Grants & Gifts
A Summary Listing of Grants and Gifts at Colleges Around the Nation
The Alabama Community College System Board of Trustees formally authorized the issuance of $25 million in limited obligation revenue bonds to Gadsden State Community College. ACCS Chancellor Jimmy Baker confirmed the approval in a letter to Martha Lavender, president of Gadsden State. Lavender said the bonds will be used to construct a new science building on the college’s East Broad Campus, an addition to the Cheaha Career Center on the Ayers Campus and renovations to Allen Hall on the Wallace Drive Campus. The new science building will be constructed on the corner of Wallace Drive and East Cardinal Drive next to Gadsden State’s One Stop Center. It will replace 50-year-old Browder Hall, which is located on the Wallace Drive Campus. Browder Hall has space and technology limitations as well as other issues associated with the age of the building. The addition to the Cheaha Career Center addresses the need for addition al general education classes at the Ayers Campus in Anniston, which support Gadsden State’s career technical and transfer programs. Renovations to Allen Hall, the oldest building on the Wallace Drive campus, include upgrading bathrooms, electrical, plumbing and heating/cooling systems.
The Los Angeles Community College District was one of 14 districts selected by the California Community College Chancellor’s Office to participate in the California College Promise Innovation Grant Program. The $1.5 million grant will support the Los Angeles College Promise, a program that provides one year tuition-free at any of LACCD’s nine colleges for students graduating from a Los Angeles Unified School District (LAUSD) high school or local charter school. Los Angeles Mayor Eric Garcetti took the lead for the Los Angeles College Promise through the “Mayor’s Fund,” by helping to generate more than $1.7M to fund scholarships for the inaugural class of students. The Los Angeles College Promise benefits the city and region by creating a collegegoing culture and responding to the workforce readiness gap in California. In addition to the Mayor’s Fund for Los Angeles, the partnership includes support from LACCD, LAUSD, Los Angeles Chamber of Commerce and Unite LA and private philanthropist.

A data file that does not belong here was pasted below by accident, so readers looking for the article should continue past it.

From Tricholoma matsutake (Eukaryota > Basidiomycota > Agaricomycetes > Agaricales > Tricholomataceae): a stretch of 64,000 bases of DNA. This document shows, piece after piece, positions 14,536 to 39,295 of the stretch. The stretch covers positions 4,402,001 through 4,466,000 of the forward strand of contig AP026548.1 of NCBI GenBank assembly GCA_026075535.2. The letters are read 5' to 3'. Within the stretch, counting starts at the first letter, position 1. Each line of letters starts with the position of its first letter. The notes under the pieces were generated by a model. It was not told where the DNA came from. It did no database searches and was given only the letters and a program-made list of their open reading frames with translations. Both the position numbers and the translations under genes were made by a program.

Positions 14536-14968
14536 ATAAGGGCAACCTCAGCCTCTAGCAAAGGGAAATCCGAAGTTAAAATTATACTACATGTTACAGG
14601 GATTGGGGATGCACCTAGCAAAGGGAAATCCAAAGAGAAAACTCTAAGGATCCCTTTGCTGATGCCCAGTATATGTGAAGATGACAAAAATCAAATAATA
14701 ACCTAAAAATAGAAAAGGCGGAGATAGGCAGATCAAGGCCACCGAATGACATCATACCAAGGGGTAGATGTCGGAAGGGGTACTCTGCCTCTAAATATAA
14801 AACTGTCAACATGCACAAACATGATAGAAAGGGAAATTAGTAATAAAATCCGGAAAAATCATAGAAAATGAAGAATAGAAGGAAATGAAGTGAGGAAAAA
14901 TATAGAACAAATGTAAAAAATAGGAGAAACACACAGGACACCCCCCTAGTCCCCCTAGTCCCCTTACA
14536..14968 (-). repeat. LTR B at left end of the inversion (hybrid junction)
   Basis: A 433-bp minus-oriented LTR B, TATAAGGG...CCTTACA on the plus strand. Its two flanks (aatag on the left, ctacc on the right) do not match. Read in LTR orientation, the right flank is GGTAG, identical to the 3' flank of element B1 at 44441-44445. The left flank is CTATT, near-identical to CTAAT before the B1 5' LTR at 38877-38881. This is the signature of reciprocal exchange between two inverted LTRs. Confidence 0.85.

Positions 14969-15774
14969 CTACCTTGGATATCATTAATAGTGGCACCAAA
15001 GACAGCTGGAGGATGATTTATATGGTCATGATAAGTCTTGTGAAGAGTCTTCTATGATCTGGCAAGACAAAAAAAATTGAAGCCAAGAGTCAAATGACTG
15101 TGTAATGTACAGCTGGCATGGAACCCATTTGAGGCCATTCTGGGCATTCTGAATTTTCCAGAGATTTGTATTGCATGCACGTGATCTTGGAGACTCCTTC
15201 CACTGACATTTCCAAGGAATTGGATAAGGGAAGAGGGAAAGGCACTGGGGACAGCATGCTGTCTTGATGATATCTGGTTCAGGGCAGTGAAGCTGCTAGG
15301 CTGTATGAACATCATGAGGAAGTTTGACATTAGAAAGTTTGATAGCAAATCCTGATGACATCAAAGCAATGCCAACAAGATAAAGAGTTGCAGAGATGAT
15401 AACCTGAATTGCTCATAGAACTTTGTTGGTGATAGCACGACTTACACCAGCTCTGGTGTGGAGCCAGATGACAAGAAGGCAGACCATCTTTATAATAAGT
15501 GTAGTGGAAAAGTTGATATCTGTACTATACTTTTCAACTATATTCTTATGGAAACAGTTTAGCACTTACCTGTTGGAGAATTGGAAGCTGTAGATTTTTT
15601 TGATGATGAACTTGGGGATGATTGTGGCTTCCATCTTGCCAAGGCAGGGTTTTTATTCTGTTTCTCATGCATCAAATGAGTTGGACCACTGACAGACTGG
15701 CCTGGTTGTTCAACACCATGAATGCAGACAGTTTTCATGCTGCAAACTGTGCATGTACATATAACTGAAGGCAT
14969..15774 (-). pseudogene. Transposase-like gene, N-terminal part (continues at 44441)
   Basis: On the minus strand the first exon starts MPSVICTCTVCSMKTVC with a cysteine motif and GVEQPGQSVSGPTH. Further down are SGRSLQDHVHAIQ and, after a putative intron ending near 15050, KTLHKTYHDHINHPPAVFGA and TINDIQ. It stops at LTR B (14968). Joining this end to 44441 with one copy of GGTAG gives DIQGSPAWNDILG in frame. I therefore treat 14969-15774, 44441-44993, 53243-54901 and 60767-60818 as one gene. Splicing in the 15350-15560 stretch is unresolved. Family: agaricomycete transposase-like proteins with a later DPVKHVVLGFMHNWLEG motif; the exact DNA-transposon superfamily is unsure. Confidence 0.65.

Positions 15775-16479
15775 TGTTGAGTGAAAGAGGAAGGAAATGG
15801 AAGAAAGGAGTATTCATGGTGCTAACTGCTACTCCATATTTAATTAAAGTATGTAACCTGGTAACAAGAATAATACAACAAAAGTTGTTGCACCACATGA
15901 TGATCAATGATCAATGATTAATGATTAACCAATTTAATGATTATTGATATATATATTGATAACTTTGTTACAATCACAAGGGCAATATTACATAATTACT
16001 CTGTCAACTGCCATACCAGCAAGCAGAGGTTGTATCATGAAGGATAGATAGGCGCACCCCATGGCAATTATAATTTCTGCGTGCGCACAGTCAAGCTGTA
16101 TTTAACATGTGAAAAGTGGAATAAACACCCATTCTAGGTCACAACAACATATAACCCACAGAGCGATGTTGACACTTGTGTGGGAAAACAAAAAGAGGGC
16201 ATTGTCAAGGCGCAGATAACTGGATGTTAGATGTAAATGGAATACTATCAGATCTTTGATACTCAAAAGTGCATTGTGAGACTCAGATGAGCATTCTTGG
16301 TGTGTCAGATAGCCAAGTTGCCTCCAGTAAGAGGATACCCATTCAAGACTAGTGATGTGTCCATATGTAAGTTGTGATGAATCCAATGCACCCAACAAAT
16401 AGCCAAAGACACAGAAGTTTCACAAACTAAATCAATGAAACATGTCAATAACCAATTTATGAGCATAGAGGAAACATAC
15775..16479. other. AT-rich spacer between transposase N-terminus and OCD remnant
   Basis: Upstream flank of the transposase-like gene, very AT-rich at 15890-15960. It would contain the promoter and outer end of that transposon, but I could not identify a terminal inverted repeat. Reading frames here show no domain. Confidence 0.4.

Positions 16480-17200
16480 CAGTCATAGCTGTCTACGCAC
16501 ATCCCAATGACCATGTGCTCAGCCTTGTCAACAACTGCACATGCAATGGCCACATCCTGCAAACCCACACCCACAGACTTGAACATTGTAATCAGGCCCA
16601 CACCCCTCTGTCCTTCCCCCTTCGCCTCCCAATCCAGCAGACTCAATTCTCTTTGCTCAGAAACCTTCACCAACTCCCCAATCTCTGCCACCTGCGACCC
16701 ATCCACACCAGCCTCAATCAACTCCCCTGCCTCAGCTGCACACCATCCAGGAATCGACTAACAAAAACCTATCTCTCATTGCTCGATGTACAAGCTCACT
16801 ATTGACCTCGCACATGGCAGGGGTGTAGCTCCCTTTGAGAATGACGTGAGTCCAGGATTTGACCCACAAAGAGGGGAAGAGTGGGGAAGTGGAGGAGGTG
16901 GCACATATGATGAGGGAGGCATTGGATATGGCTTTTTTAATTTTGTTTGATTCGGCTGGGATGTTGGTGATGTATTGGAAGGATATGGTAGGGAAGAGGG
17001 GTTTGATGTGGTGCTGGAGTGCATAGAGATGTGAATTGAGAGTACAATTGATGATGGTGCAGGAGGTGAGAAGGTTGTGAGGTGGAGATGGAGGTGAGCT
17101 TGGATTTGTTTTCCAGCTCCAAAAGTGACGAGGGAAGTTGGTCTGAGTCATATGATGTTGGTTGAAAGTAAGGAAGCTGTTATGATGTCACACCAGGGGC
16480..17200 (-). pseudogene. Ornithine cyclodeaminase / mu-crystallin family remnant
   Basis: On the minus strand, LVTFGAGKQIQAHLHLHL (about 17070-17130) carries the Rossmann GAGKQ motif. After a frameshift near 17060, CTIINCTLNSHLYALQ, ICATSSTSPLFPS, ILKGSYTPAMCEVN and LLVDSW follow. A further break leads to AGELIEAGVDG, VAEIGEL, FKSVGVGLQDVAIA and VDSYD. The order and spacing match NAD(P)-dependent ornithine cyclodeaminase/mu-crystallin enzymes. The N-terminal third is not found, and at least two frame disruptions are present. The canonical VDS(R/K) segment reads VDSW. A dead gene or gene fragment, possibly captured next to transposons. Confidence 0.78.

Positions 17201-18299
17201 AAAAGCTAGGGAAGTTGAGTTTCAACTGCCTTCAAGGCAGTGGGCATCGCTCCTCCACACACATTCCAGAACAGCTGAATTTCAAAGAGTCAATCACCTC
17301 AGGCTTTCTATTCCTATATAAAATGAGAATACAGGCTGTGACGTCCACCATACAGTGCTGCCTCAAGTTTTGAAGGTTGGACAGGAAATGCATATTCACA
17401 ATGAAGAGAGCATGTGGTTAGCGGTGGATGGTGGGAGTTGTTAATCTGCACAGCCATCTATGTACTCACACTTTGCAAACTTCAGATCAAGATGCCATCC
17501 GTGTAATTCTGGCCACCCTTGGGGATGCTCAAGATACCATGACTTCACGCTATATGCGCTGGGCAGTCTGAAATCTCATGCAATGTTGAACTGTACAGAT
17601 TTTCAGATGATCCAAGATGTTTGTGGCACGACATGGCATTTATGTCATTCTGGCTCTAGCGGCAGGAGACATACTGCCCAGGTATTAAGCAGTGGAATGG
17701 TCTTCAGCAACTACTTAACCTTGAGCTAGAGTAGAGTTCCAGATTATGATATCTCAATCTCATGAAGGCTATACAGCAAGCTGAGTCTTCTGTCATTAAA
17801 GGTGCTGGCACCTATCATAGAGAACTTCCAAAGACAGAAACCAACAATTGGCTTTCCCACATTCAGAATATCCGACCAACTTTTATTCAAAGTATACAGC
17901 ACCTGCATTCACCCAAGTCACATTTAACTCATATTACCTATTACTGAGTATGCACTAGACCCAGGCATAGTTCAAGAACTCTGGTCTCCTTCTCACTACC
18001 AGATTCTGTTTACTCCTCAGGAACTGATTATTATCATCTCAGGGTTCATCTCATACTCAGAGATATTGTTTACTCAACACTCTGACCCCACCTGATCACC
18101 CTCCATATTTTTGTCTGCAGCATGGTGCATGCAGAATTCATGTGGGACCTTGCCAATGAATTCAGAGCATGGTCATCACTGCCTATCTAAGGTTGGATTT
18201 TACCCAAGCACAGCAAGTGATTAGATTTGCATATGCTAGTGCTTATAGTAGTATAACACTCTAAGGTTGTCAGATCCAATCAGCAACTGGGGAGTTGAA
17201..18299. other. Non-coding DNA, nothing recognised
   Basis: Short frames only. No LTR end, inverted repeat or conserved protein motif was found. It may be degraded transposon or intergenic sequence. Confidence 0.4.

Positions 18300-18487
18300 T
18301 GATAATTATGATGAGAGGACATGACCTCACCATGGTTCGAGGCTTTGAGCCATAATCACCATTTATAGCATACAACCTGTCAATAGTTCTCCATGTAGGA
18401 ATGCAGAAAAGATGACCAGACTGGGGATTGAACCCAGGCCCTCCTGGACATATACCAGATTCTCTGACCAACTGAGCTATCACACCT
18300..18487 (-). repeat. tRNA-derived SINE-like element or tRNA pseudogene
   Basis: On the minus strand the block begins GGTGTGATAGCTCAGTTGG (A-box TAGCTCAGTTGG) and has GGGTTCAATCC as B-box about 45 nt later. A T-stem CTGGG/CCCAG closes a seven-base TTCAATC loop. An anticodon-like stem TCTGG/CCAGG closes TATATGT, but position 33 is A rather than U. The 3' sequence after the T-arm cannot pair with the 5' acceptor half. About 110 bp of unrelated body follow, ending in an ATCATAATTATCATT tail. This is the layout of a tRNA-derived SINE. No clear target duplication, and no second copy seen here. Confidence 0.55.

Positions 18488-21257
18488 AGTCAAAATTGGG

LSC-North Harris received $287,845 under the Wagner- Peyser Grant Program to implement a fasttrack, non-credit pipefitting program. “Lone Star College established the Pipefitting program in response to strong industry demand,” said Stephen C. Head, LSC chancellor. “In addition to being trained in this dynamic industry, students will also be taught employment skills such as resume writing and receive career advising.” The National Center for Construction Education and Research developed the program curriculum. LSC will use grant funds to purchase pipe-threading machines in order to train students with hands-on experience on industry standard equipment. The funds will also help mitigate student expenses by providing instructional supplies such as textbooks, safety glasses, goggles, respirators, earplug and welding caps. Students will be trained to install, assemble, fabricate, maintain, repair and troubleshoot mechanical piping systems carrying fuel, chemicals, water, steam and air in heating, cooling, lubricating, and various other process piping systems. The Wagner-Peyser Grants are federal funds allocated to the Texas Workforce Investment Council to support innovation in work force development with a primary focus on supporting exemplary workforce training projects that lead to job placement, increased wages, and job retention.